Cologne-based company Orangework has specialised in the upgrading and conversion of all-terrain trucks into self-sufficient residential fortresses for long journeys. We looked at three of the hefty juggernauts in detail, the most spectacular of which is surely the MAN KAT.
With its military roots, the KAT's considerable reputation within the off-road scene precedes it. Rightly so: there are up to four driven axles, which – completely atypical in a truck – are suspended on compression springs. This not only makes the KAT noticeably flexible, but is also very comfortable when off-road. And it's practically unstoppable – there is probably no other wheeled vehicle that exhibits similar assertiveness on the roughest of terrain. The low silhouette is achieved on account of the fact that the engine is positioned behind the driver cabin – in the case of the Orangework KAT, an eight-cylinder Deutz with a 12.7-litre capacity and 355 HP.
The conversion specialists made use of the standard, low cabin construction to house additional sleeping quarters above the driver cabin. At the same time, this creates a relatively fluid transition to the huge rear boot.
Extreme, more extreme, MAN KAT
Orangework converted the 6x6, three-axle monster into a rolling hotel with a complete overhaul. Four beds, a kitchen, bathroom and living room are realised with a tasteful design. Porcelain WC, underfloor heating in the bathroom, walnut floor covering – some German apartments are more sparse.
The modern alternative to the KAT is, again from MAN, the TGM in the 13-tonne version as converted by Orangework. Thanks to all-wheel drive and modern mass production technology, the medium-weight series from MAN is not only very popular in the local government and the construction industry, but mobile home builders are increasingly discovering the all-rounder, available with various driver cabs and engines delivering up to 335 HP for themselves.
Modern luxury in the MAN TGM
The van body, with its GRP sandwich construction, is equipped with an access hatch into the 1.5-size driver's cab. The contact with the chassis is realised by means of an additional four-point bearing, which compensates for the torsion of the frame during off-road use. Those travelling in this 286 HP land yacht with its total length of 8.3 metres do not have to forego comfort. A dishwasher and washing machine provide the desired luxury, even in Timbuktu. The TGM is also self-sufficient: it can carry 600 litres of clean water, while the waste water and sewage tanks each hold 150 litres. The power supply is provided via an 840 W solar system and when the sun isn't shining, a 6 kW generator takes care of this job. A diesel-powered heater provides hot water, while there is also underfloor heating and a heated towel rail in the bathroom.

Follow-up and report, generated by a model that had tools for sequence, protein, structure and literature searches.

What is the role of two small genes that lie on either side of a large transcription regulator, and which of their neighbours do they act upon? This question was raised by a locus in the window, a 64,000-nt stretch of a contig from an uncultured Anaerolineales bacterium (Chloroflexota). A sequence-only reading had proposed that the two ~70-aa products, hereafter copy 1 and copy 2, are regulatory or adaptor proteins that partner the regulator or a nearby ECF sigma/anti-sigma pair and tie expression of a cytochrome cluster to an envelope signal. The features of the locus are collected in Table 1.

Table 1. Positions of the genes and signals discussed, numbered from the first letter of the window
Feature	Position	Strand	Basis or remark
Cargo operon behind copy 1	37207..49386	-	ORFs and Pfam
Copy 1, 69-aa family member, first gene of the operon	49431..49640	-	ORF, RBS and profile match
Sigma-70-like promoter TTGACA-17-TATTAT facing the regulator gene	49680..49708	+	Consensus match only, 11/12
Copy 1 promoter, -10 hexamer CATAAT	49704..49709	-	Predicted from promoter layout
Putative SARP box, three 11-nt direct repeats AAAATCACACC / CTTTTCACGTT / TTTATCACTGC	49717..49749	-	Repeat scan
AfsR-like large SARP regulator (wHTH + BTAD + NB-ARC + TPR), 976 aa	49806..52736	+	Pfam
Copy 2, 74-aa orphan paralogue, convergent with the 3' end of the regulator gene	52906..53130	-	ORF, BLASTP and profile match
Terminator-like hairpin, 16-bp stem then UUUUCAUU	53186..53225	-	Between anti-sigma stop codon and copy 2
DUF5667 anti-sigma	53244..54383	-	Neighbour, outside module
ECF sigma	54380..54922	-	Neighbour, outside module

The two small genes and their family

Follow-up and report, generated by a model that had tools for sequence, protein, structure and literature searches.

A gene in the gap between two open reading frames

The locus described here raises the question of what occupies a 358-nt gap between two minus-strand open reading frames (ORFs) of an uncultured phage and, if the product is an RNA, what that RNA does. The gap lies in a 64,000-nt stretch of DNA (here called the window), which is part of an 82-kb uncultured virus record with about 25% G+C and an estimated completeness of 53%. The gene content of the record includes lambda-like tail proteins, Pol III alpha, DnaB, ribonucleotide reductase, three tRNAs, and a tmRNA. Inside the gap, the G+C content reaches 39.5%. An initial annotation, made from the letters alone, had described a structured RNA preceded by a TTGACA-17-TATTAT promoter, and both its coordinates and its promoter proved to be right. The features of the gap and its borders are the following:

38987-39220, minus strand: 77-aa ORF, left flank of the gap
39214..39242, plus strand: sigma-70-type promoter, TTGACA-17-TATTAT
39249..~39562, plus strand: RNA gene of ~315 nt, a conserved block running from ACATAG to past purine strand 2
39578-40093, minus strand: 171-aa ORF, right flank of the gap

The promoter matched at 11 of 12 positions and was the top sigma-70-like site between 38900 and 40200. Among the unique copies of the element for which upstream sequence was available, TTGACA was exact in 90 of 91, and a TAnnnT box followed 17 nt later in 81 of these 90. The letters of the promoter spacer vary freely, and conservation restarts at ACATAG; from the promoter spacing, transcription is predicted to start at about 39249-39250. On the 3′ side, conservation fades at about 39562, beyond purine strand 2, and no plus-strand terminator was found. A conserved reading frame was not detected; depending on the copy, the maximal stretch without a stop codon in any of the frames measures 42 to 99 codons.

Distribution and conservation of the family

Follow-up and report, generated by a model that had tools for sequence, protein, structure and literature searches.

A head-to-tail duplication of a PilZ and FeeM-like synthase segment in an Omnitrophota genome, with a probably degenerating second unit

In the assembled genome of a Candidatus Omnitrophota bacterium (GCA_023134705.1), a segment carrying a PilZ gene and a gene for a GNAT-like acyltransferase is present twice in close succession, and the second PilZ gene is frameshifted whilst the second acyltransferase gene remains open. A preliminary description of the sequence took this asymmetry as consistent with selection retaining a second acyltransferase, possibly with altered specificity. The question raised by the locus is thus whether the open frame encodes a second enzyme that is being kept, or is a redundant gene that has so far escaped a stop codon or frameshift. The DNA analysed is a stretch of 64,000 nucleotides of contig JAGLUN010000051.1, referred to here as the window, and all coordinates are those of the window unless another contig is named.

The cosy rubber flooring and an electrically height-adjustable dining table made from solid oak ensure a homely atmosphere. Almost like home: there are separate bunk beds for the children, while the parents sleep in a double bed to the back beside the wardrobe.
While there is of course not quite so much room in the U 1300L-Unimog, at the end of the day it is more than two metres shorter than the TGM. However, the crew are not left wanting. Of course much of the expensive luxury from the two larger vehicles is missing, but the van body extension is anything but uncomfortable. Here too, a solar system (260 Watts) ensures free recharging of the power while stationary. An combined, independent diesel heater provides heat and hot water. Cork flooring provides a wonderful living environment, maple wood also used alongside laminate panels.
The completely differing conversion concepts in the three Orangework trucks show how individual the scene is on the whole. As with any vehicle modifier, the customer specifies what he/she wants – just like when having a house built. In this industry the sky is the limit - you can easily pay half a million Euros for a holiday home with such high off-road capability. So they are not for everyone – but everyone knows that it costs nothing to dream. In our photo slide show we present the three individualists to you in detail.